Lighting the Way to New Technologies
Researchers at MIT have devised a new way to measure the properties of a solid material. To understand how any material will interact with another one must understand how the electrons behave. Traditionally this is determined by shining a light onto the material to see how the electrons react at a specific point. To get information on the entire material, it is shifted slightly and the process repeats. This can take a very long time, which is why the MIT researchers were looking for something new.
Though electrons are single particles with a single charge, they do act like bar magnets and the direction of the 'magnet' is called spin. The new method takes advantage of that spin by shining a circularly polarized laser at the material. An electron’s spin determines in what direction it will drive and how fast it will move due to the laser. Pulsing the laser allows the researchers to determine, the energy, momentum and spin of the electrons it hit in three dimensions.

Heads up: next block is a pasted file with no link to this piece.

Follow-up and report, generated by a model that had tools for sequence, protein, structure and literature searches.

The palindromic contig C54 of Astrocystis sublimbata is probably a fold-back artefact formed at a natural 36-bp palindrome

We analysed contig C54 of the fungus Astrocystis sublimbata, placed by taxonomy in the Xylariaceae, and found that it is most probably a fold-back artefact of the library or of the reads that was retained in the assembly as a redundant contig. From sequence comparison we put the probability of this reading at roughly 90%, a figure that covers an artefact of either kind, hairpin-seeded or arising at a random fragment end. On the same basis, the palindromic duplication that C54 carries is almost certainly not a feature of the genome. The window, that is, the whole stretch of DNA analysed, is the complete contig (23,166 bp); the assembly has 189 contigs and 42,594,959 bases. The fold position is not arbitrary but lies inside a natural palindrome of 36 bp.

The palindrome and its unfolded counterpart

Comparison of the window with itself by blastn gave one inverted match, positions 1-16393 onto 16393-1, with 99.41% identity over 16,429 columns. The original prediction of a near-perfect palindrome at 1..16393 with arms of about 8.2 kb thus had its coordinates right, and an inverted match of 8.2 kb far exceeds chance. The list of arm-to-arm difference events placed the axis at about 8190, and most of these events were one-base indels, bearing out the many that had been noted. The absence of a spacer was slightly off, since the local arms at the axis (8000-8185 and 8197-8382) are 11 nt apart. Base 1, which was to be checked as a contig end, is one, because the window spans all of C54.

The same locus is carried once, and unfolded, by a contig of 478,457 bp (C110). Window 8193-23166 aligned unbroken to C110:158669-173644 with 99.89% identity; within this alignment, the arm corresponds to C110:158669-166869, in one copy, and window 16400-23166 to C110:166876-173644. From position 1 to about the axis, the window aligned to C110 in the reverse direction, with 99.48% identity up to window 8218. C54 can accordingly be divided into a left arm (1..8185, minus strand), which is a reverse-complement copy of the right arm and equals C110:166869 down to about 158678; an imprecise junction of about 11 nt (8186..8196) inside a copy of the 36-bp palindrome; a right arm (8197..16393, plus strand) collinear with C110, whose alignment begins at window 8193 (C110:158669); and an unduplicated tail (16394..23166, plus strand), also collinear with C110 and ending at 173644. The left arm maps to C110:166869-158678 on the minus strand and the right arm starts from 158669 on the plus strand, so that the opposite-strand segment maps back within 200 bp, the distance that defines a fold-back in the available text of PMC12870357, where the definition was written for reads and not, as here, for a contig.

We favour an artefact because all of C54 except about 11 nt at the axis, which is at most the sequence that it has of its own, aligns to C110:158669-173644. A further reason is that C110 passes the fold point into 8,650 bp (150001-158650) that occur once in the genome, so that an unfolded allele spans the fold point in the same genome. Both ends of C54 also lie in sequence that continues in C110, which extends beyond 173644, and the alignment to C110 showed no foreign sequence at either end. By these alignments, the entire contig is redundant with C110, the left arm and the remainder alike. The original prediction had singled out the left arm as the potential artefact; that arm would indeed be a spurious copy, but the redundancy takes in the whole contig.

This technique was developed to analyze topological insulators but may impact far more. Topological insulators are curious material which conduct electricity on their surface, but are insulators inside. They have the potential to reduce the heat put out by electronics because their resistance is not greatly affected by impurities. Regular metals will see their resistances increase with impurities, and their resistance will cause the metal to heat up.
This technology could also be used to create a new kind electromagnetic storage where light is used to flip a bit, instead of an electronic interaction. The fact that light can selectively push away electrons of particular spins, leaving a current of other spins, can be very useful in the future. The potential for this new technique, like topological insulators, is still being discovered as researchers envision new futures.